Monday, August 14, 2023

Whiteleaf Leather-flower - Clematis glaucophylla

The genus Clematis has given us a great many beautiful landscape plants from regions around the world.  Many of the species and their cultivars that were used in my gardens of the Upper Midwest have large showy blooms. That's not really the case with Florida's six native species, but they have a charm of their own.  I've written about most of these previously in this blog. Today, I'm writing about one I haven't yet featured - whiteleaf leather-flower - C. glaucophylla.  

Whiteleaf leather-flower is yet another vining herbaceous perennial that produces upside-down tulip-shaped blooms.  My oldest granddaughter, Caroline, thinks that they look like fairy hats....... This species has a fairly restricted distribution in Florida; it is found in a 6-county region of the central Panhandle and has been reported also in Levy County.  It also has a fairly restricted range outside of Florida, having been vouchered in Georgia, Alabama, and Mississippi - with a disjunct population in Oklahoma.  Throughout this range, it seems to prefer the rich moist soils in the semi-shaded conditions found in habitats such as streambanks.

Like others in this genus, the herbaceous stems die back to the ground each winter and reemerge again in spring. Each of the many stems can reach a mature length of 15 feet and it sprawls up and over everything in its path.  If it wasn't for its spectacular flowers, it could be considered a nuisance - and adding it to a landscape should be well considered beforehand.  The leaves are wider than long and have 3 distinct lobes.  As the common name suggests, the undersides of this foliage has a whitish blush, but the leaves are, in fact, glabrous.  They are positioned opposite each other along the stems.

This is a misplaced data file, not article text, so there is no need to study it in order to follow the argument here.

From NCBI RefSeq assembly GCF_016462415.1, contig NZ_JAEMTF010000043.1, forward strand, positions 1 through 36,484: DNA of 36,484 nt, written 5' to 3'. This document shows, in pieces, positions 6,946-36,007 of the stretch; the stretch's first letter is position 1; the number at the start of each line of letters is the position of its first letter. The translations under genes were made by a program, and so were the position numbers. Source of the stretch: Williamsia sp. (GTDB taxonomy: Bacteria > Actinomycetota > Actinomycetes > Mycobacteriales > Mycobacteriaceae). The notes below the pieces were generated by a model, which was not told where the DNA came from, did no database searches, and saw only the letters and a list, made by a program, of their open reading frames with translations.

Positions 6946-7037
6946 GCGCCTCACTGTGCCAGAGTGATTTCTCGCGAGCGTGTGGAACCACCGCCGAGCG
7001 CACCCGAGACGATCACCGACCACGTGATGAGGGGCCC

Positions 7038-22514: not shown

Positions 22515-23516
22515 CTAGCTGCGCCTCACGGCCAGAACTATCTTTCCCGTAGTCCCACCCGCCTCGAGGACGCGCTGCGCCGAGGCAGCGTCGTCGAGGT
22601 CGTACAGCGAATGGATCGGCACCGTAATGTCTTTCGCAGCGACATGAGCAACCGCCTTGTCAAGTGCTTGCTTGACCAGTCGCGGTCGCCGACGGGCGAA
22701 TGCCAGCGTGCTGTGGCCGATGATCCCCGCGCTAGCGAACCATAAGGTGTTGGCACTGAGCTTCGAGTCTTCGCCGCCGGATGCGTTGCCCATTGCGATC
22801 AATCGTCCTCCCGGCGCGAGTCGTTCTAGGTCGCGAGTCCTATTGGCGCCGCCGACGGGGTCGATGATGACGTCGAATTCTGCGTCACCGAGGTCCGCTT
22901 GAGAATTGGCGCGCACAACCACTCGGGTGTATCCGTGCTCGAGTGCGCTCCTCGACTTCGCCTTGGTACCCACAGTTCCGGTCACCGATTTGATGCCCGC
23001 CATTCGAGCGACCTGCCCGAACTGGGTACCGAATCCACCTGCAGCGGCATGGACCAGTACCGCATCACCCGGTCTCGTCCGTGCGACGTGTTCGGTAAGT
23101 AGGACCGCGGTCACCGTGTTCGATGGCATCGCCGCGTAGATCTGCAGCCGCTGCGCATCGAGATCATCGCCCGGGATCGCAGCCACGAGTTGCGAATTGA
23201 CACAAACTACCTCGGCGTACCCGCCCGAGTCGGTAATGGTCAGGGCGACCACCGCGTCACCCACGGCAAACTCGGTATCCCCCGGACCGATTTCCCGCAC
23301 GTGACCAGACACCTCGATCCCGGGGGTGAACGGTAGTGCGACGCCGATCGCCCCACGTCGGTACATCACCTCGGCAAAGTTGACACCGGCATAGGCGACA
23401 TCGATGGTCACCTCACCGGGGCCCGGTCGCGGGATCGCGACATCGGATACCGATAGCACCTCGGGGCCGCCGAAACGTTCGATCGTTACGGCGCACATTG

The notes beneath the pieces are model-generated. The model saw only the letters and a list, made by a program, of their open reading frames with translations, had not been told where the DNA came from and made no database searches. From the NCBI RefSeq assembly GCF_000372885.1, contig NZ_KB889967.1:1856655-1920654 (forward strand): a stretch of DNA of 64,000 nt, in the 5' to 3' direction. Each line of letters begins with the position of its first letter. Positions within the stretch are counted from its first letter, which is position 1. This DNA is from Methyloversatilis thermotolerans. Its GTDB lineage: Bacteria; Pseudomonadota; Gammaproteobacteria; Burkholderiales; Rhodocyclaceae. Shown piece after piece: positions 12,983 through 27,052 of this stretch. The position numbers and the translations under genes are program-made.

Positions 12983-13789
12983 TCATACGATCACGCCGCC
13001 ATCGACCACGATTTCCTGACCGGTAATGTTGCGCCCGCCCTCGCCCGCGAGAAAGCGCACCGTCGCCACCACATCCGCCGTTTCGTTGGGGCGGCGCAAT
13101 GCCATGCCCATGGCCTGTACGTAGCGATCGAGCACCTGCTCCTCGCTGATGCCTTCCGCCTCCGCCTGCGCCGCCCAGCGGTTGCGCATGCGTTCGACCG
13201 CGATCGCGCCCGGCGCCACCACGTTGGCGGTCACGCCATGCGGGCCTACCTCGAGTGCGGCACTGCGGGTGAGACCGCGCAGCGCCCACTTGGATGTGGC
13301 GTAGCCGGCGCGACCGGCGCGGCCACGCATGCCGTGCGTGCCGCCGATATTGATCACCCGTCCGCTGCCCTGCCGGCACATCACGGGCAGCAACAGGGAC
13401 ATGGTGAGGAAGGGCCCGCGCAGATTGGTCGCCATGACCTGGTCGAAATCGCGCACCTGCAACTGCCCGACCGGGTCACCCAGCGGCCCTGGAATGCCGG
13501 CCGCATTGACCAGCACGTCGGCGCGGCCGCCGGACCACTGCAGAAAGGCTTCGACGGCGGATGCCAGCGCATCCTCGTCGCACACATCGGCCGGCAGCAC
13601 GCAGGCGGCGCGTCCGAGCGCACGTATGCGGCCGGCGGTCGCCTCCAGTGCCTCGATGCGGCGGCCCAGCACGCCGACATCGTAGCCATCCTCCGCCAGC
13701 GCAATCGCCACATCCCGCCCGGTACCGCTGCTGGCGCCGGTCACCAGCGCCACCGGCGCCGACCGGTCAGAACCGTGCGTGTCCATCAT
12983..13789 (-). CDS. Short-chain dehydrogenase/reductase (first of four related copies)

Flowering occurs in late spring to very early summer.  Buds are produced in the leaf axils all along the stem.  Each turns downward as it matures and begins to turn a rich lavender-pink in color.  The inner side of each flower is white - as shown in the above photos. Clematis flowers are favorites of bees (especially bumblebees) and butterflies. As such they are an excellent addition to a pollinator garden. They simply need a trellis to climb on and relatively moist soil.  Although beautiful, native Clematis are only rarely propagated by nurseries affiliated with FANN - the Florida Association of Native Nurseries.  I have not seen this species offered at any time.  I have grown other species of vining Clematis successfully from cuttings and from seed - though ripe seed may take 3-4 months to germinate.

The lower photo was taken by Charlotte Glen.

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